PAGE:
“Yes...” Turing unhappily agreed, reminded of his own socks’ wet state. It was rather a counterbalance to his agreeably warm upper body and to his right leg, in contact with Payes’ left. “But no,” he continued abruptly, remembering that he had a serious point. “I, I meant more from a theoretical perspective.” Though, really, the water at their feet wasn’t pleasant. “Does it not seem odd to you that, that a punt is built for a specific purpose – that is to say, to allow its steersman to take its passengers to its intended destination – yet, depending on who is in possession of it, it produces an untold variety of actions?” He peered distractedly over the side of the boat, to the water rushing away from the wooden hull. “For us it provides speed –” Around them the river’s surface was a vivid sapphire blue, reflected from the sky; further away impressionistic foliage shuddered in ripples as it fled from them to the bank. “– whereas for those before us it must have provided something very different.”

He grew self-conscious as he finished, glancing back round. Payes was frowning. “As usual, Turing,” he said, “I fear I need to be considerably more inebriated before I understand a word of what you’re saying.” He shook his head, frown clearing as he shifted in his seat to rummage through the hamper sitting in the prow behind them. “But never mind,” he continued, passing back two wine glasses. “I should have an extremely nice bottle of Morgon...”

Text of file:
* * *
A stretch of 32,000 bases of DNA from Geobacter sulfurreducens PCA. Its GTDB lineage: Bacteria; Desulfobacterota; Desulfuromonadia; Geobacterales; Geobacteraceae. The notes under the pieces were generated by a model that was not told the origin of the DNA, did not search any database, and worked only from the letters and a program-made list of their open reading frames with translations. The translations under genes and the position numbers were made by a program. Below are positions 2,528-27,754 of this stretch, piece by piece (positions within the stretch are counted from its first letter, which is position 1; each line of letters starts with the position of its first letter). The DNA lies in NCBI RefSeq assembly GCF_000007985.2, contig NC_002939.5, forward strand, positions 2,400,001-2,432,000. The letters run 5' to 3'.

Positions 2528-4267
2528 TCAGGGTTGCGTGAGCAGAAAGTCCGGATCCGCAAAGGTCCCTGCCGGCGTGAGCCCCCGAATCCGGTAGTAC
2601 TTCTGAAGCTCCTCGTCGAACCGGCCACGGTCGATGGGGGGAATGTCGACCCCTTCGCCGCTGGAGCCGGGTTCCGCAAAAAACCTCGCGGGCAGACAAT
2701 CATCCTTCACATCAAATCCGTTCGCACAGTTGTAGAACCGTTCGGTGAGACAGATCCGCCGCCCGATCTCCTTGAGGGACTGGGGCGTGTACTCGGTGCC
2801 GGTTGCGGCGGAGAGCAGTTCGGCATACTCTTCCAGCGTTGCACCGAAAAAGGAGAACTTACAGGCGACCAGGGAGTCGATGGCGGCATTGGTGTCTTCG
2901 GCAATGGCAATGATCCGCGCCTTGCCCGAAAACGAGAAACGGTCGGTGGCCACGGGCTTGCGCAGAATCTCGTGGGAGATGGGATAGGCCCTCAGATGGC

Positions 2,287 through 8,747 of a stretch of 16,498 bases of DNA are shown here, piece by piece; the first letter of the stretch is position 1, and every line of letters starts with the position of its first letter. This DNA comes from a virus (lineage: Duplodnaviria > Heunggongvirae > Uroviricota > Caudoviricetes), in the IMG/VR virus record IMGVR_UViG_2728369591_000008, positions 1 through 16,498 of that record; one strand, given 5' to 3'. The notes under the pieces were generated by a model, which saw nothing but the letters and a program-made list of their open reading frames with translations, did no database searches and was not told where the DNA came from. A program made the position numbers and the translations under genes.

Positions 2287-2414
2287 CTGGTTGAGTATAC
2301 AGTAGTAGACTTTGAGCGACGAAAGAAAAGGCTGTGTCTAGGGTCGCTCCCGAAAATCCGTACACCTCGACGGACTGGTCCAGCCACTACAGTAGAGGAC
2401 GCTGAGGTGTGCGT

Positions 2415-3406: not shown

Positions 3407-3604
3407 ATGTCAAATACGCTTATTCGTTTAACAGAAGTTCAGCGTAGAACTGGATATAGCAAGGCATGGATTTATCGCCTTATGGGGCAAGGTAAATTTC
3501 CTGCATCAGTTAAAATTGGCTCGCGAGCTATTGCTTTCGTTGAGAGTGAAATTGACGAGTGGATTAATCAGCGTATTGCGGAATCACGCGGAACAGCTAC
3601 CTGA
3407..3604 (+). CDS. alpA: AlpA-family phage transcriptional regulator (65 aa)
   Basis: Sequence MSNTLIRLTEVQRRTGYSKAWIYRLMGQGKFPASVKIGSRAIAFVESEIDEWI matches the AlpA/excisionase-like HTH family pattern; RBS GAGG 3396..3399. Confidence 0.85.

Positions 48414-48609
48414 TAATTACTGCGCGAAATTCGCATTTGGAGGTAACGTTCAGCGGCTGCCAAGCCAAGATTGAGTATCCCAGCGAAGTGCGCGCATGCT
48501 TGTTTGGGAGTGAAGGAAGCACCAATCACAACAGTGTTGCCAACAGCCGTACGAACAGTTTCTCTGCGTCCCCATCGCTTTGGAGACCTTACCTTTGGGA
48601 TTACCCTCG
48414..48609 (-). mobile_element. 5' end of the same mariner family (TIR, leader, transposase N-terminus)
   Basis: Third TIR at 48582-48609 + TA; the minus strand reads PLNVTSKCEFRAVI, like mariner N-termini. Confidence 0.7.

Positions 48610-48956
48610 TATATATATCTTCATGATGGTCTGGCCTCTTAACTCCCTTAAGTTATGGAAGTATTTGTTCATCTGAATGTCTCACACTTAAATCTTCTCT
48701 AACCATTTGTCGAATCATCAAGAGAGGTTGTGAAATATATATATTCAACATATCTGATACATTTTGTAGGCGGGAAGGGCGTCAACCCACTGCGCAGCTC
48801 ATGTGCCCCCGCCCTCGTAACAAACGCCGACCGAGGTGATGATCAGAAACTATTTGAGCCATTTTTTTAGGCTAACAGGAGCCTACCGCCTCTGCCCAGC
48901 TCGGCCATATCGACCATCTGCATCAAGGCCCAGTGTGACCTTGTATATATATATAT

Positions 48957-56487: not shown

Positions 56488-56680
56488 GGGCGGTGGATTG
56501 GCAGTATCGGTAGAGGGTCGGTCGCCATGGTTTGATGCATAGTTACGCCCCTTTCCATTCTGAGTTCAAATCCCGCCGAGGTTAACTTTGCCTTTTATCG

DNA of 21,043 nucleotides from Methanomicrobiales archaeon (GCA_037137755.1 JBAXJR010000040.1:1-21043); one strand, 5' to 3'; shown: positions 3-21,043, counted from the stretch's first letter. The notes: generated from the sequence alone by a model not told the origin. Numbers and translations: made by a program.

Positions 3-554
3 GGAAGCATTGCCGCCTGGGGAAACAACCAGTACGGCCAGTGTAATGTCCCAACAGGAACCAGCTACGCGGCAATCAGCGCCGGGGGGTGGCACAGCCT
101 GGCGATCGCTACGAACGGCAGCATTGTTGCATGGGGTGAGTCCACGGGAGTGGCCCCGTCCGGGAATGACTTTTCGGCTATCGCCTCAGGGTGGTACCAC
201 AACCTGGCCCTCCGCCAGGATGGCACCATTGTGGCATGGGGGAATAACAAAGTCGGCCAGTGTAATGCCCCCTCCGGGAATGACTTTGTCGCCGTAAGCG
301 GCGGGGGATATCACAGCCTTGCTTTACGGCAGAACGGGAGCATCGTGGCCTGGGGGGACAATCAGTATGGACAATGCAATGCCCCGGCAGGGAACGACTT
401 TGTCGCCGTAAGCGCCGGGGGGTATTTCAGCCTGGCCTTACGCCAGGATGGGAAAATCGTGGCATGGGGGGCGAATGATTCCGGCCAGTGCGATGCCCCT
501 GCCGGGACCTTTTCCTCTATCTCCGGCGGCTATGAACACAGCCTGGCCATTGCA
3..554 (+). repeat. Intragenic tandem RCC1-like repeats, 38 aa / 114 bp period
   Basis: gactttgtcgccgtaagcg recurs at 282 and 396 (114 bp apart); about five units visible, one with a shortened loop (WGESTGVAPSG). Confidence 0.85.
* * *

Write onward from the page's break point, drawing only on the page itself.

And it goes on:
Turing accepted this, keeping silent as Payes found the wine and uncorked it, the bottle held firmly between his knees. A drink would make him feel less awkward, maybe allow him to forget this train of thought. Even though he was certain there was more to it.

They continued on, trees on either side of them lush with green leaves, apart from those few covered in small white flowers. Idly Turing watched the bank, raising his glass to his lips as he tried to spot the birds rustling through the woods. He was distracted then by the wine, warmed in the hamper, as it flowed into his mouth and gushed over his tongue, leaving dryness behind and a sense of richness deep enough to make him salivate for more. It was very good Morgon.

Really, he thought with a sigh, this was what proved he was peculiar as a human being. For who could think on afternoons such as this? Who would want to?

“Pity about bumps, wasn’t it?” Horsley commented eventually, as he’d been doing for a week now.

“Mmm,” Turing and Payes agreed, just as they always did.

These were the words of men not thinking. “We’ll do better next year.”

And yet it didn’t take long for them to clear the trees. The river turned sharply to Horsley’s left, at which point Payes refilled their glasses, speaking up as though he couldn’t maintain the silence either. “All right,” he said. “Explain to me again this grand observation of yours.”

“It was nothing overly insightful,” Turing replied, sitting up a little straighter. “Simply that, as much as punts are built for a certain purpose, the actions they effect are unpredictable, dependent on the people who use them. I find it noteworthy that man has such capacity.”